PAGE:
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MICHELE NORRIS, host: From NPR News, this is ALL THINGS CONSIDERED. I'm Michele Norris.

A judge in Chicago is ordering Northwestern University to turn over more than 500 emails to prosecutors. They were written by a high-profile professor and his investigative journalism students.

The students were part of the school's Medill Innocence Project. That project has helped exonerate a dozen men convicted of murder.

From Chicago, NPR's David Schaper has the story.

DAVID SCHAPER: Anthony McKinney has been behind bars since 1978, when he was just 18 years old. He was convicted of the shotgun killing of a security guard. No physical evidence linked him to the crime.

David Protess, the acclaimed professor leading the Medill Innocence Project, had his investigative journalism students begin looking into McKinney's case in 2003.

Evan Benn, now a reporter with the St. Louis Post-Dispatch, took Protess's class in 2004.

EVAN BENN: Our main thing was we identified some alternative suspects and we came down, actually, down here where I am now to East St. Louis and spoke to one of them, confronted one and he confessed on videotape to us that he was present at the time of this crime and Anthony McKinney wasn't even there.

SCHAPER: At the time, undergrad Benn thought he had a big journalistic scoop.

BENN: And I really thought, at that point, that once we got that tape in the hands of prosecutors, that it would be a number of days until Anthony McKinney walked out of prison a free man.

SCHAPER: But seven years later, that hasn't happened. Protess's students continued working on the case for a few more years and he turned over much of their evidence to the Center for Wrongful Convictions at Northwestern's Law School.

Attorneys there petitioned the Cook County courts for a new trial for McKinney in 2008. But as prosecutors reinvestigated the case, they raised questions about the students' methods. Cook County state's attorney, Anita Alvarez.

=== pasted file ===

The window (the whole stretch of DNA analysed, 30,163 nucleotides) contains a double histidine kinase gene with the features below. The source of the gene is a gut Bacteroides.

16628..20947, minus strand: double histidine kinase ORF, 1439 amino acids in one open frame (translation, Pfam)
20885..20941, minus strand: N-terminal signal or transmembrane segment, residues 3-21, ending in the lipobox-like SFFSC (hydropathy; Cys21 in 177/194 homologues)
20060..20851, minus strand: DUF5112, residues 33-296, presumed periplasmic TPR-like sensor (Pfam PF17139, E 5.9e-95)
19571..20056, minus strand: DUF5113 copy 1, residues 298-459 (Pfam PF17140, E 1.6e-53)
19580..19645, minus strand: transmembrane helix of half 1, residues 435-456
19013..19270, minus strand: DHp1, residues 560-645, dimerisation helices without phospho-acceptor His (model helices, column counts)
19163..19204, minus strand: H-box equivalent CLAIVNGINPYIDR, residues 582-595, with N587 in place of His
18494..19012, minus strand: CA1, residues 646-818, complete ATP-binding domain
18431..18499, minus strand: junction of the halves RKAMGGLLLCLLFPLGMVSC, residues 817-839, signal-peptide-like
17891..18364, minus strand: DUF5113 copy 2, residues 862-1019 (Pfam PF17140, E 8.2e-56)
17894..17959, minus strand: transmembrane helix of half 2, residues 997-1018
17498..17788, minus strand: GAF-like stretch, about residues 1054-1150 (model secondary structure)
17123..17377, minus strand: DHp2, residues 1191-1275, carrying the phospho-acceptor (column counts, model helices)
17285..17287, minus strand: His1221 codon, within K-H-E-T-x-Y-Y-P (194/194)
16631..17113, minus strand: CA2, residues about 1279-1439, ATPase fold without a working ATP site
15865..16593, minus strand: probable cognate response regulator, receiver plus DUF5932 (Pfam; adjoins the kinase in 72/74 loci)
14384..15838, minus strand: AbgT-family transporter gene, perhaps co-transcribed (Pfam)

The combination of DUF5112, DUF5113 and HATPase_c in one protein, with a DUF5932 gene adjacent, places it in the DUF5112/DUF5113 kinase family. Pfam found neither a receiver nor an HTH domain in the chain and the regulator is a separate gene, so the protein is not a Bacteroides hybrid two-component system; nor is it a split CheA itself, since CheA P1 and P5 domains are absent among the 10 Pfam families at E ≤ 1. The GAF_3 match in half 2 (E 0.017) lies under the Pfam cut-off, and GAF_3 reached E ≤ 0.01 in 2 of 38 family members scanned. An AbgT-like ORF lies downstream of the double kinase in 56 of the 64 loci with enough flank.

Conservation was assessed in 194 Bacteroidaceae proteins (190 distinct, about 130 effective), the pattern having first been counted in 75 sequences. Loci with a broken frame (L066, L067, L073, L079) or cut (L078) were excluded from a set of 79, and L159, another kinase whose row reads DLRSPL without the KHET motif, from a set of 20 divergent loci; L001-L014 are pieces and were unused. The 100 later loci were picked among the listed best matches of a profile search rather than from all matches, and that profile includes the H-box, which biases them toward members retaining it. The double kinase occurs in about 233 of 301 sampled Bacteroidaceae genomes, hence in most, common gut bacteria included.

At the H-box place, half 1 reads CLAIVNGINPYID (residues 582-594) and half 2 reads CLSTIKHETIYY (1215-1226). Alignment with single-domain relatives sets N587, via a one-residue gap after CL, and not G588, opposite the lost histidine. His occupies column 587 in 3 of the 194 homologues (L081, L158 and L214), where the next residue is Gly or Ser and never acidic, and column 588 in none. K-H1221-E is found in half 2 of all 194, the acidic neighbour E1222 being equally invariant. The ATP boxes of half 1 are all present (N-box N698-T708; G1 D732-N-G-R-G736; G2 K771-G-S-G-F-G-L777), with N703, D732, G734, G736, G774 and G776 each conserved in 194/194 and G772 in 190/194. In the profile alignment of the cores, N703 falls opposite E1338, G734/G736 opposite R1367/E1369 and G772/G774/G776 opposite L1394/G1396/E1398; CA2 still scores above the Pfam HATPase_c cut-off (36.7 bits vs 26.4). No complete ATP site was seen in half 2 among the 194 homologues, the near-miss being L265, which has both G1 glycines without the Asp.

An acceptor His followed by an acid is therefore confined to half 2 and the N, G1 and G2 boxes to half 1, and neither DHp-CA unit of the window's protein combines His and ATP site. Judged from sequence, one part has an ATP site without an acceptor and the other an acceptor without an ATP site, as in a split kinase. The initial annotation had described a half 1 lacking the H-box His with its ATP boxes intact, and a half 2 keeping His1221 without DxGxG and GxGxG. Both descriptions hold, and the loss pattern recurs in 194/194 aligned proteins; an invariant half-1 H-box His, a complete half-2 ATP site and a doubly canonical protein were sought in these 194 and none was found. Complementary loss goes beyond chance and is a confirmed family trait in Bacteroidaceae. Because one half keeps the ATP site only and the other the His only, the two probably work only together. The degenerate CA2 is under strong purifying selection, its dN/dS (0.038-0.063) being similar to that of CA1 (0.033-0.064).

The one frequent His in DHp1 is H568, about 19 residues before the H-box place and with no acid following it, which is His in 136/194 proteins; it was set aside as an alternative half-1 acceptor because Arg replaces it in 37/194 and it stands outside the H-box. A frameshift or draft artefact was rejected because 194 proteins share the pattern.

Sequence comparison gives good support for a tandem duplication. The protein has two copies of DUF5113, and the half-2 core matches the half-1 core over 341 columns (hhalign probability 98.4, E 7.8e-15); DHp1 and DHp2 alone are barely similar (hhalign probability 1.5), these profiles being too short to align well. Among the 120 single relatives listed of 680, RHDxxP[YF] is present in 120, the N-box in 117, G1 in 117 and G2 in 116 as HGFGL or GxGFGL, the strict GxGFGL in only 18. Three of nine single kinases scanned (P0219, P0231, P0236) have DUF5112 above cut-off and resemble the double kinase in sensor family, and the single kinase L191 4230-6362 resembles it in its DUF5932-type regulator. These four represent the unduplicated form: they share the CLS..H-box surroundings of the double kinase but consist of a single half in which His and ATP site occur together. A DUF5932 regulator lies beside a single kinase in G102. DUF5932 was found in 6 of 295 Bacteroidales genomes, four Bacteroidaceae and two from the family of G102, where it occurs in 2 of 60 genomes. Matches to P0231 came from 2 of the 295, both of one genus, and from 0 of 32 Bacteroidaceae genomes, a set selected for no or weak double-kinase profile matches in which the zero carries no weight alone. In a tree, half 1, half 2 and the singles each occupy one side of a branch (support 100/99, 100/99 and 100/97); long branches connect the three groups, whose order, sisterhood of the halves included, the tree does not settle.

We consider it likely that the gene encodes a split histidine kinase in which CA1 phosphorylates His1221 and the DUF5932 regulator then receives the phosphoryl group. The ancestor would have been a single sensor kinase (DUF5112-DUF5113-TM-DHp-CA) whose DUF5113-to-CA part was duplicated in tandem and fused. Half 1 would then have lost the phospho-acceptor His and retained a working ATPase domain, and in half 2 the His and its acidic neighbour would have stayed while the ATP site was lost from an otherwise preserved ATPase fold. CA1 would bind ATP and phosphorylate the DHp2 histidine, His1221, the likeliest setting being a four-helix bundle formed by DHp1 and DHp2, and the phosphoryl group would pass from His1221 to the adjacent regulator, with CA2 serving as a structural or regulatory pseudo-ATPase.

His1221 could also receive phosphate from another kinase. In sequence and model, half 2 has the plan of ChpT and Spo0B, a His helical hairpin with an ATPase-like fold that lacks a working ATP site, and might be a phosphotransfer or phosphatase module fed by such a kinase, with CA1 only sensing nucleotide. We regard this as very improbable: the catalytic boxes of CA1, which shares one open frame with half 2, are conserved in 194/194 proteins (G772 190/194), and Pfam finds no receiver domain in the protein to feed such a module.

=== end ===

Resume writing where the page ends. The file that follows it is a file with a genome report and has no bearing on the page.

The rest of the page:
ANITA ALVAREZ: When we went out and interviewed these people, we were finding that they were telling us, you know - no, that's not what I said to them. Or, this is what they said to me. This is how that statement came about.

SCHAPER: So Alvarez's office filed a subpoena in 2009 demanding all of the students' and Professor Protess's investigative materials, including notes, tapes, emails and grades.

Protess and Northwestern University objected. They argue that journalism students are protected by Illinois Reporters' Privilege Act, which shields journalists from revealing their notes and sources. Alvarez disagrees.

ALVAREZ: These students, albeit students and journalism students, were really acting in the role of a criminal investigator.

SCHAPER: Judge Diane Cannon ruled that because Protess gave the students' work to defense attorneys before it was published, they're not journalists but investigators for the defense, whose work is subject to discovery.

Northwestern journalism grad Evan Benn disagrees with that ruling.

BENN: We were only acting under the direction of our professor, David Protess.

SCHAPER: But it turns out Protess shared much more information with the Center for Wrongful Convictions than he first indicated, leading to a bitter split between the journalism professor and Northwestern. He now heads up his own Innocence Project in Chicago.

Protess declined to be interviewed for this story, but issued a statement saying every major reporting development, including the recantations of the states' witnesses and the confession of the alternative suspect, happened before McKinney even had a lawyer.

A statement from Northwestern said the school respects the judge's decision and is considering its options. Many news organizations and schools of journalism hope Northwestern will appeal.

Beth Konrad teaches journalism at Loyola University of Chicago. She fears the ruling will have a chilling effect on investigative journalism students.

BETH KONRAD: People will walk away. Students, journalism programs - they'll walk away saying, wow, watch out what you do here because if you're part of this, you can be subpoenaed for your notes, for your grades, for your emails, for all of your materials, your tapes, anything that you have, because that's what happened at Medill.

SCHAPER: Northwestern has until September 21st to appeal. David Schaper, NPR News, Chicago.

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